Each coat of arms^ has the corresponding family name printed (in some swish, Art Nouveau-influenced fonts!) on each illustration. Although only heraldic designs are shown below, the album actually consists of a brief calendar section, the series of heraldry illustrations, followed by short family histories.


Kalender (title page)


Aderkas



Brackel



Bremen



Fircks



Howen



Kopp



Lieden



Lode



Luddinghausen Wolff



Maydell



Meyendorff



Orgies-Rutenberg



Rosen



Rummel



Stackelberg



Tiesenhausen



Ungern



Bruhns publisher



"This publication [..] contains some two dozen coats and crests in colour of nobility of the Russian Baltic provinces, with short genealogical notices. The selection appears a representative one, and includes, among others less famous, such illustrious names as Rosen, Pahlen, Lieven, Wrangel, and Uexkhuell. The Pahlen-Koskull crest, Drie Schilkolben, is uncommon, and we do not remember another example of bulrushes as helm insignia.

The style of design is, of course, German ; but even for German work the drawing is extremely vigorous, and in some cases the directness of effect obtained is quite excellent, though here and there the detail has a tendency to woodenness (i.e., the fish in the Maydell coat), and the mantling is occasionally stiff. As chromo-xylography [w], too, the work is of great merit."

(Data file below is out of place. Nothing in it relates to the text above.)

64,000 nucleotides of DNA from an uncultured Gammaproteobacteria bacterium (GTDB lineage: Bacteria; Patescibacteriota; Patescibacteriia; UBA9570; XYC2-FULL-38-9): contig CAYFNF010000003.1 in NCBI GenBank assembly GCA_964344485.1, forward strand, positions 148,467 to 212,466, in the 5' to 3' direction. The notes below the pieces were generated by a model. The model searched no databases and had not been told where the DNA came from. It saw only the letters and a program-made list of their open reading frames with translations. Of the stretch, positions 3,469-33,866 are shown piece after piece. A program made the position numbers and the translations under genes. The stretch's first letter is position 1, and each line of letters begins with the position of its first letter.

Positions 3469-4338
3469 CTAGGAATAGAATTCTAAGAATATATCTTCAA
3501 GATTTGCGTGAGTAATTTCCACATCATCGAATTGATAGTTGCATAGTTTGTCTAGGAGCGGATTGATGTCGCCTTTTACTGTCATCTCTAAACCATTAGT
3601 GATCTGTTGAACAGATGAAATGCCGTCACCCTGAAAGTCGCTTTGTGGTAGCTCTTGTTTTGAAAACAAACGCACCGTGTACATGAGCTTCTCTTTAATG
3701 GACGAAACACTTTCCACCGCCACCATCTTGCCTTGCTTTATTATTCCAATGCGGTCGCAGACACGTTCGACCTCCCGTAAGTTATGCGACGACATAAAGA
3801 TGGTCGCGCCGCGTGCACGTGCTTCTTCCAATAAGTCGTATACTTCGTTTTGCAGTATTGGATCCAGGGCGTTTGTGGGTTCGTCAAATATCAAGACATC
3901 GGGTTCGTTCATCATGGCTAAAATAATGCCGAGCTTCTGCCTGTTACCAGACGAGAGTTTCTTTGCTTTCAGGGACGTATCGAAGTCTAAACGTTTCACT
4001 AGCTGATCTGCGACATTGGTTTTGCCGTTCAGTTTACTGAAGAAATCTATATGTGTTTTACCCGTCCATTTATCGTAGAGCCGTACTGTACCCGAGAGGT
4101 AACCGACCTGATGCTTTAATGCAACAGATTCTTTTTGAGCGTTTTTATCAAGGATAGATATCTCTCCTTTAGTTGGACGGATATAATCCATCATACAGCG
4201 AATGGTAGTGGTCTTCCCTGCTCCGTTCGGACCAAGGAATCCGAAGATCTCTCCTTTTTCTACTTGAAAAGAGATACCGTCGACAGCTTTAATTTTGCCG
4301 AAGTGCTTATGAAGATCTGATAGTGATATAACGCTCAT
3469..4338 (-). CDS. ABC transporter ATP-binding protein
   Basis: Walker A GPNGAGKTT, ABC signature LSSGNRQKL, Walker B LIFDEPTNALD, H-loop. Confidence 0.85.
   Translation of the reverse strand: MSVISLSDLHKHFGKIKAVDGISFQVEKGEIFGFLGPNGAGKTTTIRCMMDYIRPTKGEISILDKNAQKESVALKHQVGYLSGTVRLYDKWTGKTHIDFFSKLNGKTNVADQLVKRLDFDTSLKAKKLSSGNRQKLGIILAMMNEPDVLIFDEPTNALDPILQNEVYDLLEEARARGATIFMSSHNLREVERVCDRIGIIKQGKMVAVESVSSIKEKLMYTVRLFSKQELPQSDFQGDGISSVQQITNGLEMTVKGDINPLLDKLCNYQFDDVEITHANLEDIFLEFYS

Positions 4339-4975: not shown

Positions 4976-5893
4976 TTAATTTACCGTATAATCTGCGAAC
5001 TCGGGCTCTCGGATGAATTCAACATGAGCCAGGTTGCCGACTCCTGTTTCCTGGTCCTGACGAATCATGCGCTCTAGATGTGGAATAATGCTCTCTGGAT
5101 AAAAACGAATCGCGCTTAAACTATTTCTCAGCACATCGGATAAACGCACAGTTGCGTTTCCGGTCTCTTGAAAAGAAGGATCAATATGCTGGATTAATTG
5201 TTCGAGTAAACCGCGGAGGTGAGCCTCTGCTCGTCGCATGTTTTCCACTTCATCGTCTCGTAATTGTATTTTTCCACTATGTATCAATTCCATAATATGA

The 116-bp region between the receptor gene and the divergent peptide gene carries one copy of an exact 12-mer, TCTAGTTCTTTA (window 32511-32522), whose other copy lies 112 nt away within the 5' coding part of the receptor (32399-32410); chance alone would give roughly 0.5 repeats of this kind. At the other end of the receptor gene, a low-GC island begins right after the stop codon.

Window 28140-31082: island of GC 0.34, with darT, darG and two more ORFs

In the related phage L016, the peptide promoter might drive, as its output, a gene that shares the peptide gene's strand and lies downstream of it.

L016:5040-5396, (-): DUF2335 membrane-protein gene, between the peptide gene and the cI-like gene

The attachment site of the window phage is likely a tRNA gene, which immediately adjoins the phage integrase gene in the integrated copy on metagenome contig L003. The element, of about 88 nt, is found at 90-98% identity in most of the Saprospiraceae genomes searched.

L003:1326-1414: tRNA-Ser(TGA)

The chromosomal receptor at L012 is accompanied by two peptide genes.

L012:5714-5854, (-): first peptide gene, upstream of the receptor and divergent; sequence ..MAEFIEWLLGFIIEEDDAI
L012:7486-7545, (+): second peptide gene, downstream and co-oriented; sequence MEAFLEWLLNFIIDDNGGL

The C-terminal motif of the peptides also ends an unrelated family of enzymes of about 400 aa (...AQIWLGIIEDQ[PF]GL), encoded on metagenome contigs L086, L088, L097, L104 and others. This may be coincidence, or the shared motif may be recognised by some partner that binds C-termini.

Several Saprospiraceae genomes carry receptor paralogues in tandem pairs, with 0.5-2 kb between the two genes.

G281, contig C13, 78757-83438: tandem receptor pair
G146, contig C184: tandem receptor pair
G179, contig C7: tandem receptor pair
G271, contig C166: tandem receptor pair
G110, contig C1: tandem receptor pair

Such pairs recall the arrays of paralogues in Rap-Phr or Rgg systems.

[source: The Genealogical Magazine 1902]

"The Baltic Coat of Arms Calendar, published by the book and art dealer E. Bruhns in Riga and the Riga Art Institute [..] was only published for one year: 1902. Further issues were well planned initially, [but] were never realised. The signature on some leaves [with MK artist] was Martin Kortmann who worked temporarily after 1900 in Riga for the art institute. After 1905 he returned to Berlin.  
The vertical format calendar contains 24 Baltic Crests for families, namely: Lode, Tiesenhausens, von der Ropp,  Buxhoewden,  Brackelsberg,  Meyendorff-Uexkuell,  Pahlen-Koskull,  Bremen,  Lieven,  Ungern-Sternberg,  Wrangel,  Aderkas,  Rosen,  Stackelberg,  Luedinghausen called Wolff,  Hahn,  Orgies, gene. Rutenberg,  Poll,  Fircks, Manteuffel called. Zoege (Szöge),  Foelkersam,  Maydell,  Rummel and  Howen. Artistic representations of the act, who probably set a clear target for simplicity, although heraldic correct, but awkward and wooden, far removed from the artistic design of a sovereign Otto Hupp."
[source (slightly paraphrased translation; last garbled bit left as is)]


'Baltischer Wappen-Calendar 1902' (Baltic States Coats of Arms Calendar) published in Riga by E Bruhns with illustrations by M Kortmann is available online in its entirety via the National Digital Library of Estonia. High resolution individual .tif files (50+Mb) are available.
[The images above are smaller versions of those with some colour boosting and removal of handwriting from the cover page] Please visit the source site to see both the complete heraldry illustration series and the overall layout of the book/album. Note there is a thumbnail page icon in the header section: 'Indeks'.
--Coat of Arms at Wikipedia.
--Baltic States at Wikipedia.
                                                                                                                                                                 
Previous related on BibliOdyssey:
This post first appeared on the BibliOdyssey website.